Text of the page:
I’ve been teaching a class on the Beat writers – specifically Jack Kerouac, Allen Ginsberg, Anne Waldman and Diane di Prima. I’ve re-read On the Road and some of Ginsberg’s poetry and reaquainted myself with some of Waldman and di Prima’s poetry. I stepped into another era – it wasn’t just the work – that sings with a kind of fierce, unbridled joy of experience – but also the attitudes that surround that work.
Experience is the key word to understanding the Beats, but we all knew that. Underneath the enromous regard for gritty personal experience is a consistent, generous engagement with the world. The beat poets I’ve mentioned here were – and Waldman still is – political activists. Ginsberg is well known for his pacifism and his crusading for gay rights. Waldman was part of Occupy Art – an offshoot of the Occupy Wall Street movement. Ginsberg’s generosity to his fellow-writers meant that for years he worked as unapaid agent, helping to even type up manuscripts.
Reading about them and rereading some of the work, I can’t help but feel a little sad. Ginsberg and Waldman were celebrities – Bob Dylan invited them both to tour with him in the Rolling Thunder tour. I don’t know of a single Australian poet who is so well-known. But that doesn’t make sad, exactly (although it would be splendid to be the poet-in-residence of a rock tour!). It’s more that I think that we’re less bold these days. We’re more careful and less exuberant. Some of the wild joy has receded and been replaced with anxiety – economic and social anxiety. Certainly that’s true in my own life. Half my poems don’t emerge from my own private journal – I’m too worried they are hackneyed. But, nor do I spend the amount of time that I should on experimenting with new forms or refining images. It’s a self-defeating merry-go-round.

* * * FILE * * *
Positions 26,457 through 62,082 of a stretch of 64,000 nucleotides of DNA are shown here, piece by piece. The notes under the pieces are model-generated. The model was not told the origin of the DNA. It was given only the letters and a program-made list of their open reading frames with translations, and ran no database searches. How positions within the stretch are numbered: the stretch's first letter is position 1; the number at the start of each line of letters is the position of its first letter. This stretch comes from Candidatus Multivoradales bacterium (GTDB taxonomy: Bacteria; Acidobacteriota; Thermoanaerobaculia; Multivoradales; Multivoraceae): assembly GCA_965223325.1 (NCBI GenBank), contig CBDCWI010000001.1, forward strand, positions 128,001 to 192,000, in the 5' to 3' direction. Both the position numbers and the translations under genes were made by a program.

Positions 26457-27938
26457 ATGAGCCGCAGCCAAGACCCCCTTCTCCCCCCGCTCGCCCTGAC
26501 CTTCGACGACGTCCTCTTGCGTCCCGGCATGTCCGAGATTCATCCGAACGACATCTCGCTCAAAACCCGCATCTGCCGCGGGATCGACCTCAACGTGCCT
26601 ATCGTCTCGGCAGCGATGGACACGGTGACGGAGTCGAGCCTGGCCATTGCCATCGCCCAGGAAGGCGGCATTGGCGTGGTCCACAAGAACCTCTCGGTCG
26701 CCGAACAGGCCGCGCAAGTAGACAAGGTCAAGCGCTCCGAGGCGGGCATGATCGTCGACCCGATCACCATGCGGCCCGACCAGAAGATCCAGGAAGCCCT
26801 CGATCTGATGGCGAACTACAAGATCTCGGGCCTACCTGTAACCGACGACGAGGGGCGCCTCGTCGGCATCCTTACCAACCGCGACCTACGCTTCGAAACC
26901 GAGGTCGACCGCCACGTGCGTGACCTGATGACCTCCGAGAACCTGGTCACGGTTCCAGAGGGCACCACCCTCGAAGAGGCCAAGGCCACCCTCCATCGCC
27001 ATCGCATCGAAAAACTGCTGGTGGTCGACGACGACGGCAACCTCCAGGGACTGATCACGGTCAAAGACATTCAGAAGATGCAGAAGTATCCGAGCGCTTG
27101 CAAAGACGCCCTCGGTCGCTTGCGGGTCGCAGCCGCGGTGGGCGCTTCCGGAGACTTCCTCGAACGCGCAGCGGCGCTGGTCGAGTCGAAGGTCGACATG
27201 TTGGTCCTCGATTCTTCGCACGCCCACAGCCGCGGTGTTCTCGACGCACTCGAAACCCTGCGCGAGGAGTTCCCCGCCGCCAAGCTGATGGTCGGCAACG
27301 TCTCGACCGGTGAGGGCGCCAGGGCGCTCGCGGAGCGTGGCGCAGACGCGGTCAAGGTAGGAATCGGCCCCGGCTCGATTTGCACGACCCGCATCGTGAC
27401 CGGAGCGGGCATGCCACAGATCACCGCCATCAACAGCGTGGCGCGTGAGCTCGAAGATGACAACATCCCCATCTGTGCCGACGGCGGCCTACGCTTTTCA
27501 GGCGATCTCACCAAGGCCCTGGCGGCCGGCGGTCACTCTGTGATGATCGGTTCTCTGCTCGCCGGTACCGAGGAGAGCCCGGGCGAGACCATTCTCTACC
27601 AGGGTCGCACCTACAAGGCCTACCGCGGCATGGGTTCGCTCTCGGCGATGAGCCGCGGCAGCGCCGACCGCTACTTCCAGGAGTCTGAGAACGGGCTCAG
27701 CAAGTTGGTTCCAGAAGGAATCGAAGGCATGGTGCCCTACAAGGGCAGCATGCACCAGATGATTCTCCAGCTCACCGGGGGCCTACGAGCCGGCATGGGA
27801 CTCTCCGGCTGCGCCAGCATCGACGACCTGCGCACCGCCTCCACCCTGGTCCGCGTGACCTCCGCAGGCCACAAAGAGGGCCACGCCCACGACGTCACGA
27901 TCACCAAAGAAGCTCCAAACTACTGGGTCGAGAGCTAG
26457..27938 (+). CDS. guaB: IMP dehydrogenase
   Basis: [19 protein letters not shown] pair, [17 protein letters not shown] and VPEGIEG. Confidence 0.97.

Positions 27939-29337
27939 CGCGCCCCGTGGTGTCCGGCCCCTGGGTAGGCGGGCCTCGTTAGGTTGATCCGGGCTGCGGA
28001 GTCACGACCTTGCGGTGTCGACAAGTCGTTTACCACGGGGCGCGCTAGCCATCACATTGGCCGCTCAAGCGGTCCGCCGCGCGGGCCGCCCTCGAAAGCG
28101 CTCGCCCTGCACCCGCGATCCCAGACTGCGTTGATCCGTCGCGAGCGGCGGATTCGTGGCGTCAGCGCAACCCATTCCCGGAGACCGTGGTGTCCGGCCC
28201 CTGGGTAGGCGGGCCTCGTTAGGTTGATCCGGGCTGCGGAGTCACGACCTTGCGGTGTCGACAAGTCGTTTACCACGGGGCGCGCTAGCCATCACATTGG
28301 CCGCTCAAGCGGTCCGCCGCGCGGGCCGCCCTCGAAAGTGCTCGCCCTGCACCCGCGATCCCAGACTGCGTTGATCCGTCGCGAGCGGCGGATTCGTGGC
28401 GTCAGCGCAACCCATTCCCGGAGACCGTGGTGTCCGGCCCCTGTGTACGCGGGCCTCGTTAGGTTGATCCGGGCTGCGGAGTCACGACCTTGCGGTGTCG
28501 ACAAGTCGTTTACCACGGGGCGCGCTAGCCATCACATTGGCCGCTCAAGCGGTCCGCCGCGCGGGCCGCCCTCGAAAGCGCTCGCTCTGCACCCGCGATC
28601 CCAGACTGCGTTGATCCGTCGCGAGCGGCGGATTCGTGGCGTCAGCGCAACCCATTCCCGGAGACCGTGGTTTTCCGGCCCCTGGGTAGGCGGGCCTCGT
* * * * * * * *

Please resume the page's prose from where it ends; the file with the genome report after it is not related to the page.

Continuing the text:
Of course, Ginsberg, too, despaired – he was worried he would never write anything as good, as authentic as ‘Howl’. But that didn’t stop him trying and he went on to write ‘Kaddish’ a long, sometimes narrative, sometimes incantatory poem about his mother’s life and death which is almost painful to read, it’s pain is so raw.
Waldman’s The Iovis Trilogy arrived in my letter box recently – all 1000 pages of it – a mixture of poetry, extracts from letters and journal entries – twenty-five years of work! I looked at my own three small poetry collections and weighed them in my hand, feeling timid.
So the last few weeks have been about recognising the importance of bold exuberance, applauding risk-taking and staring down timidity.
I’d have to say that none of my work reflect this – yet. I’m deep in revision hell. Although, I’d have to say this morning I did launch exuberantly into my revision. I boldly struck through sentences and scrawled new ones in the margins. I thought about my central character and how she could be a little braver.
Maybe I’m slowly learning from the Beats? I hope so. It’s been a wild ride over the past month or so and – with some reservations (looking at you, William Burroughs!) I’ve enjoyed it.